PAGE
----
I thought the dimensions might help with the dating. It's long - but relatively narrow. If it had been finished (backed, filled and quilted) it would be somewhat smaller - but I don't know how much smaller. It is not wide enough to fit anything but a single bed- with much drop. In the US, a single bed is 39" x 75; a 3/4 bed is 48" x 75" and a full size bed is 54" x 75". A queen is 60'"x 80" and a regular king is 75"x 80", but there were no king or queen beds before the 1950s. They were introduced in the 1950s but really didn't catch on until the '60's. It might have been meant as a cover or throw for a chaise.

    It's really charming and I can see why you bought it. I see the feed sack look that Suzanne sees, but I also see small Deco inspired prints - and some very traditional small "country" patterns that were available for a large part of the 20th C. and may still be available now. (I'm a retired interior designer and still have samples of mini prints.) It may be earlier, I don't know much about Victorian patterns. I associate some of these prints with the '30s and still think it's '30's-'40's.
     
  15. Marzilli_Vintage

    Marzilli_Vintage Trade Member

    The first six photos are 19th Century printed cottons, the last four depression era printed cotton feed/sugar/flour/grain sacks. At the bottom is a link to a site with faithfully reproduced Victorian Era fabrics. The basis for the patterns (whimsical, geometric, novelty, floral etc.) and liveliness of the color palettes are similar, but the hues and saturation of color and the actual rendering of graphics are different in form and character to my eye. Victorian prints can look very modern, particularly out of context. In the third photo there are two prints that are reminiscent of Poiret roses and some reminiscent of the Art Deco "bubble" motifs, for example, but to me the other prints in that photo seem classically Victorian and the colors not quite right for depression era textiles.


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    Link: Grandma's Attic
     
    Last edited: May 29, 2019
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  16. JenniferO

    JenniferO Registered Guest

    Could the style of the quilting pattern also give us a hint? The two upper quilt examples you share are interesting. Again, the fabrics in my quilt seem to have been protected from sunlight. The colors are very clean...but not modern vibrant bright like the examples shown at the lower end of your message. There are more browns in the quilt top I have - could that be another hint? I will look at the Grandma's Attic link as well.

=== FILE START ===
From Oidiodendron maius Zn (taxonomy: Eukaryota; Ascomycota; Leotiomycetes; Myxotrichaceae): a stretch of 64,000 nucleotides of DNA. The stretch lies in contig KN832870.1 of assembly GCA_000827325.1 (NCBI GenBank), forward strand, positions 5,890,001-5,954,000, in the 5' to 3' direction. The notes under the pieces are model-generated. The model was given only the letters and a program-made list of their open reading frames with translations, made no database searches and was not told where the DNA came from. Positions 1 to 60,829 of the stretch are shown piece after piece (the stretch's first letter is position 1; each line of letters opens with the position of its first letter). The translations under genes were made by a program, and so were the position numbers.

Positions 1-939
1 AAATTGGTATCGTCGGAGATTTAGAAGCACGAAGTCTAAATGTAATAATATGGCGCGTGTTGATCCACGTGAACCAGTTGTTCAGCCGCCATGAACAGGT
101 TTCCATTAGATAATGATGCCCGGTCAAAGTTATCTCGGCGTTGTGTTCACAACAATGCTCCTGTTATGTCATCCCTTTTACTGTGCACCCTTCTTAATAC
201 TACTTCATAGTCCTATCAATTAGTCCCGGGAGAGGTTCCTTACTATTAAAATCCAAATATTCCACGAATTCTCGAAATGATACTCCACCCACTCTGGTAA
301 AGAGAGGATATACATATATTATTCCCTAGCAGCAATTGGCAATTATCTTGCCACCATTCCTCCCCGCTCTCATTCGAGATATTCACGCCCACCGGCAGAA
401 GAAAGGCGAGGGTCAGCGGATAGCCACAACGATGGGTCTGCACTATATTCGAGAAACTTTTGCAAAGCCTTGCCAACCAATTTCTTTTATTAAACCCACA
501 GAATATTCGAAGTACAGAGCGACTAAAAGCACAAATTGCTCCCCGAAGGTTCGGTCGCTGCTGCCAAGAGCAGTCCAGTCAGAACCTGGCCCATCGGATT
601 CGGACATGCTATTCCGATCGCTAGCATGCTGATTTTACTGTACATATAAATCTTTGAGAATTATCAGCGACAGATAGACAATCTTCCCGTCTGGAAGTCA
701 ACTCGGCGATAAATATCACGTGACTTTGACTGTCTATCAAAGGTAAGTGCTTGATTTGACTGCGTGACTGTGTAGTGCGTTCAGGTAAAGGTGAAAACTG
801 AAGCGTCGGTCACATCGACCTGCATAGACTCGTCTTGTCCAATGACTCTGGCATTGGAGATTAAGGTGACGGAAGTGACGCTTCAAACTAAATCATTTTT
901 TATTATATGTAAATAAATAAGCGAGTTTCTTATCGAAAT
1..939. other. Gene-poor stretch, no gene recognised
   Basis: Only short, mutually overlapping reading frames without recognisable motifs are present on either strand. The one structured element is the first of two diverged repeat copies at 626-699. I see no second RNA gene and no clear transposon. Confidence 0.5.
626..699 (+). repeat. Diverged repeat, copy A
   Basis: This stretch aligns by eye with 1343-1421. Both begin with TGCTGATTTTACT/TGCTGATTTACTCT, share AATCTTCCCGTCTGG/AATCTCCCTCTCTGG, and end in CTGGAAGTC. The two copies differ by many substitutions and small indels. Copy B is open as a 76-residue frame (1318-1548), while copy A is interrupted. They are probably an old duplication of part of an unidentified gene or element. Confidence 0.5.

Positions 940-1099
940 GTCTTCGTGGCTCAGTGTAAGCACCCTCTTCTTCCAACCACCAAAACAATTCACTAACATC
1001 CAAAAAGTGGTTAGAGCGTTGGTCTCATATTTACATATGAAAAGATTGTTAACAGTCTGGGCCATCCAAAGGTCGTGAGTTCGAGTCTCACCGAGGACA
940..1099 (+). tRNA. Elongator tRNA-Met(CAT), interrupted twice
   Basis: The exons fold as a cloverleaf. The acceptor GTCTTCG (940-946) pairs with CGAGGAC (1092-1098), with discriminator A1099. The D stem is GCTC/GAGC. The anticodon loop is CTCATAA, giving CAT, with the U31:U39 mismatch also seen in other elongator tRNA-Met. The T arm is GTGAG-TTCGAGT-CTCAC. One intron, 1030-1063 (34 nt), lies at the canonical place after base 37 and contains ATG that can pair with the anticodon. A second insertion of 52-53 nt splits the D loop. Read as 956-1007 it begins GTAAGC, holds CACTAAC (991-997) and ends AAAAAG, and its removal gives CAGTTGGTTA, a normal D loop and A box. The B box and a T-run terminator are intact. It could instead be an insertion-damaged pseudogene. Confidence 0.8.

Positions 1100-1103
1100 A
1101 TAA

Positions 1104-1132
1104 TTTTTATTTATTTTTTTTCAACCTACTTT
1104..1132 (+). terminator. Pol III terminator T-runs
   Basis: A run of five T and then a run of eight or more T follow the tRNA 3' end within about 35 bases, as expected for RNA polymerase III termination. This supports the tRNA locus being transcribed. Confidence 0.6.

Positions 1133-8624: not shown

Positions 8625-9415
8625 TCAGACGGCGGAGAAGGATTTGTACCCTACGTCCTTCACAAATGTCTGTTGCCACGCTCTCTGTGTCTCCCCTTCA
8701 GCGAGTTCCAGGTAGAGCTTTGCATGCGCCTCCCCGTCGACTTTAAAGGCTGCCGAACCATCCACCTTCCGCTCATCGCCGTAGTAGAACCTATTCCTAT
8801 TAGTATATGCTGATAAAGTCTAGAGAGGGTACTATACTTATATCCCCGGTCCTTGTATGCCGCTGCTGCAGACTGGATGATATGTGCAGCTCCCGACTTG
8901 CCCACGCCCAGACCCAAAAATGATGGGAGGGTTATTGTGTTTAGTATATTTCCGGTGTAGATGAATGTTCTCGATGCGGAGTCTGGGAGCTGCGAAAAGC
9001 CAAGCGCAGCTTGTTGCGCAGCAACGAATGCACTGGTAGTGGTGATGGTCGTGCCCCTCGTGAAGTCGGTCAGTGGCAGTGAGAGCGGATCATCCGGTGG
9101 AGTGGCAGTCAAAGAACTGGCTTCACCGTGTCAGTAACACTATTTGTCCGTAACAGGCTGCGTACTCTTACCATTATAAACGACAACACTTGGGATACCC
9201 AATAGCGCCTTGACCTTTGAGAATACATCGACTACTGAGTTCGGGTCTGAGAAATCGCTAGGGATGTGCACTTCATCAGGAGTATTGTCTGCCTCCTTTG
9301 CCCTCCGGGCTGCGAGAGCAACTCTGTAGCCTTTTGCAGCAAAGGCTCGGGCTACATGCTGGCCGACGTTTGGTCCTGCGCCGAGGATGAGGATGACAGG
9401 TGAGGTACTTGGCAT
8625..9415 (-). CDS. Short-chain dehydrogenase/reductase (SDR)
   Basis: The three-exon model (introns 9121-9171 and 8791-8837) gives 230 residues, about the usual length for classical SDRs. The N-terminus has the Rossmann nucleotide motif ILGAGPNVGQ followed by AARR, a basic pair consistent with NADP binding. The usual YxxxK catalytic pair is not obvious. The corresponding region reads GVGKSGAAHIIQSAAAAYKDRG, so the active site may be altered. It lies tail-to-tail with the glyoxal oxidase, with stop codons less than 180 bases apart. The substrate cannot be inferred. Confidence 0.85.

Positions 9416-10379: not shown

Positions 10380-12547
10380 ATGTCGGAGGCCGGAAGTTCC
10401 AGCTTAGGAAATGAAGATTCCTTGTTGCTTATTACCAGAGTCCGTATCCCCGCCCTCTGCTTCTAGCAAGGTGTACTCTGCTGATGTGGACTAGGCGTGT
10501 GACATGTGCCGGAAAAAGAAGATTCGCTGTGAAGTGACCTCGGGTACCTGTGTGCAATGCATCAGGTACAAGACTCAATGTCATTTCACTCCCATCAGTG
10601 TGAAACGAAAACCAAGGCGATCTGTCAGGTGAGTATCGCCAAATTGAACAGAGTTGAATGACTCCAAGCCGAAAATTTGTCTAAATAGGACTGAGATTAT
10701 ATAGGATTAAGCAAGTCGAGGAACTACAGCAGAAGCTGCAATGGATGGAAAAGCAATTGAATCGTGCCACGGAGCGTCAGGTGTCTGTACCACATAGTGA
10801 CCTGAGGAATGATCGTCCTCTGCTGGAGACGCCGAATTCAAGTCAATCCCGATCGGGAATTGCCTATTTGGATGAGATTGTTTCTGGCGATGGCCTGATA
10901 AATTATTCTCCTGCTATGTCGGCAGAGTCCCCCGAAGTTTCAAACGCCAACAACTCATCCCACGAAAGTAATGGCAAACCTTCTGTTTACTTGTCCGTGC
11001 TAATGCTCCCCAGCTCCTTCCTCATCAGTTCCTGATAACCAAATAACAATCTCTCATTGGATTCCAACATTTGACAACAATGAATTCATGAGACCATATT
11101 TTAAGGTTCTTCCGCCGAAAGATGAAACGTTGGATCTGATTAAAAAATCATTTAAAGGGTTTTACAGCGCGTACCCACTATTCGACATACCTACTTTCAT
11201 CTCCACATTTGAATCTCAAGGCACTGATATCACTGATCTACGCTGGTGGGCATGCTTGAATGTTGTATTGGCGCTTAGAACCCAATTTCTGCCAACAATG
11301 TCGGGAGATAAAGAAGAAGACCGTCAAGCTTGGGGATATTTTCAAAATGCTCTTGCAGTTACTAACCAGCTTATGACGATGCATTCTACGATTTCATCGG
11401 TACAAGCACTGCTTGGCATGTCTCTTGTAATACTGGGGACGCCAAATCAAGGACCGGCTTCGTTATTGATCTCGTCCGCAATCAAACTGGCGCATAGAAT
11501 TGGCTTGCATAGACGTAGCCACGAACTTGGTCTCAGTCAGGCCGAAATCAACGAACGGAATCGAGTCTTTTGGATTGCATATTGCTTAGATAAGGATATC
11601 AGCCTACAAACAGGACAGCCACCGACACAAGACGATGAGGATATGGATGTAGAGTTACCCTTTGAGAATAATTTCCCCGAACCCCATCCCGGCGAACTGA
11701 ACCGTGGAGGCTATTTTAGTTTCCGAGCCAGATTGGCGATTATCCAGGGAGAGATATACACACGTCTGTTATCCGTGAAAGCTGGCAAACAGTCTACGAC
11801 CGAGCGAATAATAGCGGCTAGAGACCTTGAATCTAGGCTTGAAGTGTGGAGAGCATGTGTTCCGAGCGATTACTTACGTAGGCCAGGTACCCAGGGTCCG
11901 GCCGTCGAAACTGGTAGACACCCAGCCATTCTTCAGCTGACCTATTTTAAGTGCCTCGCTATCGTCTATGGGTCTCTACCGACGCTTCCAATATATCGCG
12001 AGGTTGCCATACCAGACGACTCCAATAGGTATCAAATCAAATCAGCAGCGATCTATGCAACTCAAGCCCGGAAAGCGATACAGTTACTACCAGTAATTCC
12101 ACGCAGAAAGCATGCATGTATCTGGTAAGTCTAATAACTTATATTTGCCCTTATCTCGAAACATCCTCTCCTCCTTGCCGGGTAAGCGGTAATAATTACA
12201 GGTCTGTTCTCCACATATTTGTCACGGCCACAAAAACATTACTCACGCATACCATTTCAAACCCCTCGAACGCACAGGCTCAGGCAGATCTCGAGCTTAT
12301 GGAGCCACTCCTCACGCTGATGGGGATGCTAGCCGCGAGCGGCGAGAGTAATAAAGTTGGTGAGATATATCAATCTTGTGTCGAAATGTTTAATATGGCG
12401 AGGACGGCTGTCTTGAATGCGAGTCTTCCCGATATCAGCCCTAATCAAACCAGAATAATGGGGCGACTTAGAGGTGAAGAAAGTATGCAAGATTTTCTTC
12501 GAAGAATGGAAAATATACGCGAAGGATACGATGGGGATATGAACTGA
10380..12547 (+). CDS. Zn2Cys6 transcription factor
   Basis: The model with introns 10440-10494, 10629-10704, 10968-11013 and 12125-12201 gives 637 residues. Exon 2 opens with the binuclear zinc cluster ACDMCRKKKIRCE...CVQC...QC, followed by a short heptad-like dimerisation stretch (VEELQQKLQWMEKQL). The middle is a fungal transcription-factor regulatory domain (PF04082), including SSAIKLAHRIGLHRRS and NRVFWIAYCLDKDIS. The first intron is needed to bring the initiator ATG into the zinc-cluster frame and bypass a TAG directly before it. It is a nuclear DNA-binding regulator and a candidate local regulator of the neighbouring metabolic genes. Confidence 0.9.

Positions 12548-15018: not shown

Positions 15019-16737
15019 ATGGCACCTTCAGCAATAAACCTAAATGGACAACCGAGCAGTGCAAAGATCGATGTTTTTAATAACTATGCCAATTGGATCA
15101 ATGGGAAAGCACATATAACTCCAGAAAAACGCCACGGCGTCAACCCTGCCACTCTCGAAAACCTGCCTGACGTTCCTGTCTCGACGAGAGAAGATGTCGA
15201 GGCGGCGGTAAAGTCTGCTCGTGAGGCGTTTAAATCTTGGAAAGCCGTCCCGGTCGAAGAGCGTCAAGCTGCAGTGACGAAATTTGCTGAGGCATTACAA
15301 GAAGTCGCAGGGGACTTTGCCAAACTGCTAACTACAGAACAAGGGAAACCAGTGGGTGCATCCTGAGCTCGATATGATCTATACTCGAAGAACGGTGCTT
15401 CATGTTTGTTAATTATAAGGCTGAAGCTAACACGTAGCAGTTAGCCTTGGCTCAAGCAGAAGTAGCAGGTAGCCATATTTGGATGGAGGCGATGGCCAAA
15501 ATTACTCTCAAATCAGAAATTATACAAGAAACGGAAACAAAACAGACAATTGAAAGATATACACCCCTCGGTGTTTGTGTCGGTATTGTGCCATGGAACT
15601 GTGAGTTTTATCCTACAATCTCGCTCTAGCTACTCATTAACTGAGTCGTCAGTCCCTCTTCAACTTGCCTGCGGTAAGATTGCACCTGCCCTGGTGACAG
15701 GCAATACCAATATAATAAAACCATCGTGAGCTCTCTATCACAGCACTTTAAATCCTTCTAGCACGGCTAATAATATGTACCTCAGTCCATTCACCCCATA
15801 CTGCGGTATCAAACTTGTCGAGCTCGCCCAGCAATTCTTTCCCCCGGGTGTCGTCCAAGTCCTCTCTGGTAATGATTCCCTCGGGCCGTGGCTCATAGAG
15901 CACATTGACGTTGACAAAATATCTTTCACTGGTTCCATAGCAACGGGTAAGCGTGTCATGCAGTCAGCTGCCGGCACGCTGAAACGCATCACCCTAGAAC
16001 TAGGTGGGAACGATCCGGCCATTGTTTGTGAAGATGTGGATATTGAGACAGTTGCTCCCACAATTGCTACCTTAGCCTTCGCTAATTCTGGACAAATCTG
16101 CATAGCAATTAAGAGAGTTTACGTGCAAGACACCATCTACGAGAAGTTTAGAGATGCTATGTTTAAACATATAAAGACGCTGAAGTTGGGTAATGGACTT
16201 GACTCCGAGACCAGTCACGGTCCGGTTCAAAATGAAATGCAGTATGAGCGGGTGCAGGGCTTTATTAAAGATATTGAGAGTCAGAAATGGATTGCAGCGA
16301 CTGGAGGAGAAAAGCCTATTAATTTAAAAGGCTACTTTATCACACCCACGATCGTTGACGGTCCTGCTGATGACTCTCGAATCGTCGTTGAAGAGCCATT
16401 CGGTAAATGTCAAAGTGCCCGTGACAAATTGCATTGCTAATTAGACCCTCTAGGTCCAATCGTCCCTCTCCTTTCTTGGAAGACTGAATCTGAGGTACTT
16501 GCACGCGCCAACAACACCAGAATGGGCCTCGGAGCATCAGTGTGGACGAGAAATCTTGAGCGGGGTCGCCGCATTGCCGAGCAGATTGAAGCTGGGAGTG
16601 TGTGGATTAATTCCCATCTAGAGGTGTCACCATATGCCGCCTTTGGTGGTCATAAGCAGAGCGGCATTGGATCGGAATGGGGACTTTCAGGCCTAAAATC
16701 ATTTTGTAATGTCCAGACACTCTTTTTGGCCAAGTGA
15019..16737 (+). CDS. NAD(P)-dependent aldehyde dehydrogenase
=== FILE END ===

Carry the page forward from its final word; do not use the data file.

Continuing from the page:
17. Marzilli_Vintage

    Marzilli_Vintage Trade Member

    At least some of your browns were probably brighter colors that oxidized over the years; I forget which colors did-so. If what you have is a quilt top, it was probably finished and put away in storage but never incorporated into a quilt. The pattern is very basic and no real help with dating, and if it is 19th Century, its rural/country character would make the size also of little help in dating. Due to the "make-do" nature of rural life at the time, it's even possible the bed may even have been made to fit the quilt and not the other way around! Making a rope-bed from scratch and materials at-hand would take much less time and be less costly than buying the fabrics and making the quilt.
     
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  18. JenniferO

    JenniferO Registered Guest

    After looking at the Grandma's Attic pages, I have to say, my quilt feels more like her examples. As mentioned above, perhaps there is a range of fabrics in the quilt, but some must be of the Victorian era - especially the shirting pieces that I see. I think Linn's idea of questioning the size of the quilt is also a good idea. For what purpose was she quilting, and what scrap bag was she drawing from, and when did she decide to piece the quilt? Again we might only know the approximate date of the fabrics...when they all came together is another question. To be conservative, could we say fabrics from the turn of the 20th century?